STEM Over Storytelling: An Immigration Story

A personal essay about learning to code and embracing a Malaysian heritage, all in a new home.

By YZ Chin

America was not my first choice.

At seventeen, I was given a privilege of choosing the country in which I would spend my next few years. This was courtesy of a scholarship to support bright young Malaysians who would pursue college degrees in countries with reputations for superior higher education.

My first choice was New Zealand. I had an image of self-sufficient people living on grassy, windy cliffs, keeping sheep for friends. It seemed perfect for a loner, a depressed teenager trying to read and write my way out of my teenage despair. Australia was my second choice for its proximity. For my third and last choice, I put down America because my birthday is on the Fourth of July.

That is how I came to America.

The scholarship was for a STEM degree. There was no option to study literature or other fields in the liberal arts. In the early 2000s, years before the current software engineering boom in the U.S., I settled on Computer Science (C.S.) because I thought it the most creative of all engineering fields. Its practitioners call their craft writing code. It seemed the closest creature to what I saw as my calling, which was to write.

My first year in America, I barely held on to my scholarship because of a depression that spiraled into frequent self-harm. I was busted by my RA for cutting, and ordered to attend mandatory therapy sessions.

Things improved when I was given a spot in the undergraduate writing program to work on a second major in Creative Writing. So began my first bout of balancing coding with writing. I took to quipping that I was a “pro-grammar programmer.” Truthfully, I prioritized my writing education more, dropping C.S. classes when they became too difficult and choosing the “easiest” courses for credit, like Human-Computer Interaction and Game Design (in which our assignment was to mod “Age of Empires III: The War Chiefs”).

No surprise that I graduated a mediocre programmer. By then I had formed an attachment to America. If there was a reason, then it was as Shirley Geok-lin Lim writes in her 1998 poem “Learning to love America:” “because my senses have caught up in my body.” As a writer, I was also concerned about censorship and book-banning in my home country, reports of which I read with distress in news from Malaysia.

But I was soon intimidated by the uphill immigration process. The great difficulty of gaining employment as a mediocre software engineer with a strange, jumbled resume (a novella Honors thesis? Poetry journal internships?) was compounded by the fact that I would require visa sponsorship after one year of work. The visa category, called H-1B, applies to specialty occupations (such as software engineering), DOD research – and fashion models.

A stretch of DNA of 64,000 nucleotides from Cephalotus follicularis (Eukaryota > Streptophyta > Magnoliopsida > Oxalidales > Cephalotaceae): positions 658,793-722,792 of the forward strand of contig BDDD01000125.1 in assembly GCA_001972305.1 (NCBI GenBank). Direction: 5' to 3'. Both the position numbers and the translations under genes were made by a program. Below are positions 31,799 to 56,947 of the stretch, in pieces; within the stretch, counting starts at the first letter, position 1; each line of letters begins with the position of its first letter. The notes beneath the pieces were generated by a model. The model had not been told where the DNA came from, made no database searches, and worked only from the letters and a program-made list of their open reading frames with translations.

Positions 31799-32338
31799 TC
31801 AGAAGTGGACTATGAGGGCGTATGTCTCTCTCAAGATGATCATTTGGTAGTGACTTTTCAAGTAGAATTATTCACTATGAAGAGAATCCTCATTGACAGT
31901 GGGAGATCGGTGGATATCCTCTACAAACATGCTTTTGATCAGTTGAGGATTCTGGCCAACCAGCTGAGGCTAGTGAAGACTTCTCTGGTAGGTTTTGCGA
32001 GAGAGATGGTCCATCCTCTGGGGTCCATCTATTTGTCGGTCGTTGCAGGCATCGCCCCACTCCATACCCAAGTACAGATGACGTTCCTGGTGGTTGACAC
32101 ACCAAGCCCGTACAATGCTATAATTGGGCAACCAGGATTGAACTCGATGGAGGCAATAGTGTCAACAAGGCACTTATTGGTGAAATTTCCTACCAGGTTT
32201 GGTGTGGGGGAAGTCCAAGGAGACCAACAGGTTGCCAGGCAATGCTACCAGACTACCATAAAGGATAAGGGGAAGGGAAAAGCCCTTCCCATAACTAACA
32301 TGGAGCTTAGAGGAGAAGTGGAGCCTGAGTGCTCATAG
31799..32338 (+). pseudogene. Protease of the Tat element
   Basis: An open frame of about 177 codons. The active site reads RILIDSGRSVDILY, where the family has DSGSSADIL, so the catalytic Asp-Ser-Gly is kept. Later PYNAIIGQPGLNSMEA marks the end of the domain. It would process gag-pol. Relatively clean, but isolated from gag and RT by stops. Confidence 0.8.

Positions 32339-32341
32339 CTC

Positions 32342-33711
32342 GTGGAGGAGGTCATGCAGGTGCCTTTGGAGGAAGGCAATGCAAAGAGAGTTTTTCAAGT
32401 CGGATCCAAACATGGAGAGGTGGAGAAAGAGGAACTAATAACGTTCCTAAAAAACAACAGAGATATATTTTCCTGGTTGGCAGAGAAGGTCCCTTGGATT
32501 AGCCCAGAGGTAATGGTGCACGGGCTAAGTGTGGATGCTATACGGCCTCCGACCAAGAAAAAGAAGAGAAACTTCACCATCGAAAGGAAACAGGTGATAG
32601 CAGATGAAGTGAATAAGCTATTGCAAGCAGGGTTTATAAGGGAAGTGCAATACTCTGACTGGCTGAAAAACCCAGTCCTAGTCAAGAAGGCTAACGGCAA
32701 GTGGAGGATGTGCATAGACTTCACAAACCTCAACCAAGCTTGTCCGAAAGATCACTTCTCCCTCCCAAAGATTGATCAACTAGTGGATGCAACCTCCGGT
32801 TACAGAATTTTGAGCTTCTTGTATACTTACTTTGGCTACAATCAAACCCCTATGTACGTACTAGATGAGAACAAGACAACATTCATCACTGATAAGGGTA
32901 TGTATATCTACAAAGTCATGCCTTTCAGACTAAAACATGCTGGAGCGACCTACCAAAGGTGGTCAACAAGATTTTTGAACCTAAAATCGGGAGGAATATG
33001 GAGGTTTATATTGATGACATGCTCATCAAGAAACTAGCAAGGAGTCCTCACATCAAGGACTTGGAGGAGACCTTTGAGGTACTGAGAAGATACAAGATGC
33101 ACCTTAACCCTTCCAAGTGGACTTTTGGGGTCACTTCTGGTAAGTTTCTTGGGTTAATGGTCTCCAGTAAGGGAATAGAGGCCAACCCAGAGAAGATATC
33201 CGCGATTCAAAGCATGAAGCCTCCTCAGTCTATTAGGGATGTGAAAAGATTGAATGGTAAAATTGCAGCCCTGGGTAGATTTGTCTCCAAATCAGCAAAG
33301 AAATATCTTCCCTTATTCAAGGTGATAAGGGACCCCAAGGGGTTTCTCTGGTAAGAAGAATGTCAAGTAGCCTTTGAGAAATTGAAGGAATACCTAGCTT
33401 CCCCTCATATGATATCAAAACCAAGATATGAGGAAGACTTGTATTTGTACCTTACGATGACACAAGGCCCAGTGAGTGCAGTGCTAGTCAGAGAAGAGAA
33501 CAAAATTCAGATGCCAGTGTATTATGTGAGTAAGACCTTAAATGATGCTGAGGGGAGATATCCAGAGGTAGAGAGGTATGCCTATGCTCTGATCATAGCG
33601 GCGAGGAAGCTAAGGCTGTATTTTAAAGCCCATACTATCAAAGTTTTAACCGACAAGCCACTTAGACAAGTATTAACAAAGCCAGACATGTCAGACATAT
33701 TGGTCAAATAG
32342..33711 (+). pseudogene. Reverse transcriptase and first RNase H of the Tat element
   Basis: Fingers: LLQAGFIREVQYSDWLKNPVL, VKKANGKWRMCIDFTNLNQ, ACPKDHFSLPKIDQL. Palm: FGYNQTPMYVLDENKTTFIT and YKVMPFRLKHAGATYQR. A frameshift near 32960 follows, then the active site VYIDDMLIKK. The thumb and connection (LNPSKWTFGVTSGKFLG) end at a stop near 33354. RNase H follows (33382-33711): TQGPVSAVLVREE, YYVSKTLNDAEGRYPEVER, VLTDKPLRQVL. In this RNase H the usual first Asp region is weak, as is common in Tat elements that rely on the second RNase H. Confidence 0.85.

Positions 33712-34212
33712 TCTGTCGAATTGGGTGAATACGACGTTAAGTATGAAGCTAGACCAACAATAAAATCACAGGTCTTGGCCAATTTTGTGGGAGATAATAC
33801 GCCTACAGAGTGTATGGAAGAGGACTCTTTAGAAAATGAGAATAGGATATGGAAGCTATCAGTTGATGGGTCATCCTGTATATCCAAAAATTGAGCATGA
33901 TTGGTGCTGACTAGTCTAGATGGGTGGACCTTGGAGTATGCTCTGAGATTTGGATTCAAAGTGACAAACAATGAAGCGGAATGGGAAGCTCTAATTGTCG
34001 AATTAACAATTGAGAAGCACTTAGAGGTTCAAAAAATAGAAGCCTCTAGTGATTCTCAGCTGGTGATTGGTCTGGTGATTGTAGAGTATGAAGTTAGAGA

As a fat kid who’d frequently been called “ugly,” I was glad to know I could potentially contribute to America on the same level as a fashion model. But the H-1B visa is not cheap, costing around $5,000 by one estimate. Furthermore, the annual number of visas granted is capped at 85,000. Only excellent coders are worth such an undertaking of expenses and paperwork.

Which is to say I couldn’t get a programming job. Eventually, I was hired by a boutique law firm to maintain its database, among other things. My employer did attempt H-1B sponsorship, but the USCIS receives over 200,000 applications for the cap of 85,000 visas within days of opening up for entries. A lottery system randomly selects applications for consideration. Meaning a computer disqualified me.

Panicking, I sought out a Master’s program. An MFA program accepted me, but could not give me financial aid. Foreigners are not eligible for federal student loans. I had to give up the MFA spot I couldn’t afford. Instead, I went to the interdisciplinary Draper program at NYU (since renamed The Center for Experimental Humanities) on scholarship.

While enrolled, I worked 20-hour weeks for living expenses. I also continued writing and learned a few things about myself, chief among which was that I am not a person with extraordinary ability. This was a problem, and not just an existentialist one.

To become a permanent resident, I needed not only to win the H-1B lottery, but also for my employer to apply for a green card on my behalf. In a job market with mostly adjunct openings for Humanities MA grads, this scenario was far-fetched. The other paths to permanent residency included green card marriage and the EB-1 visa, meant for “Immigrants with Extraordinary Ability.”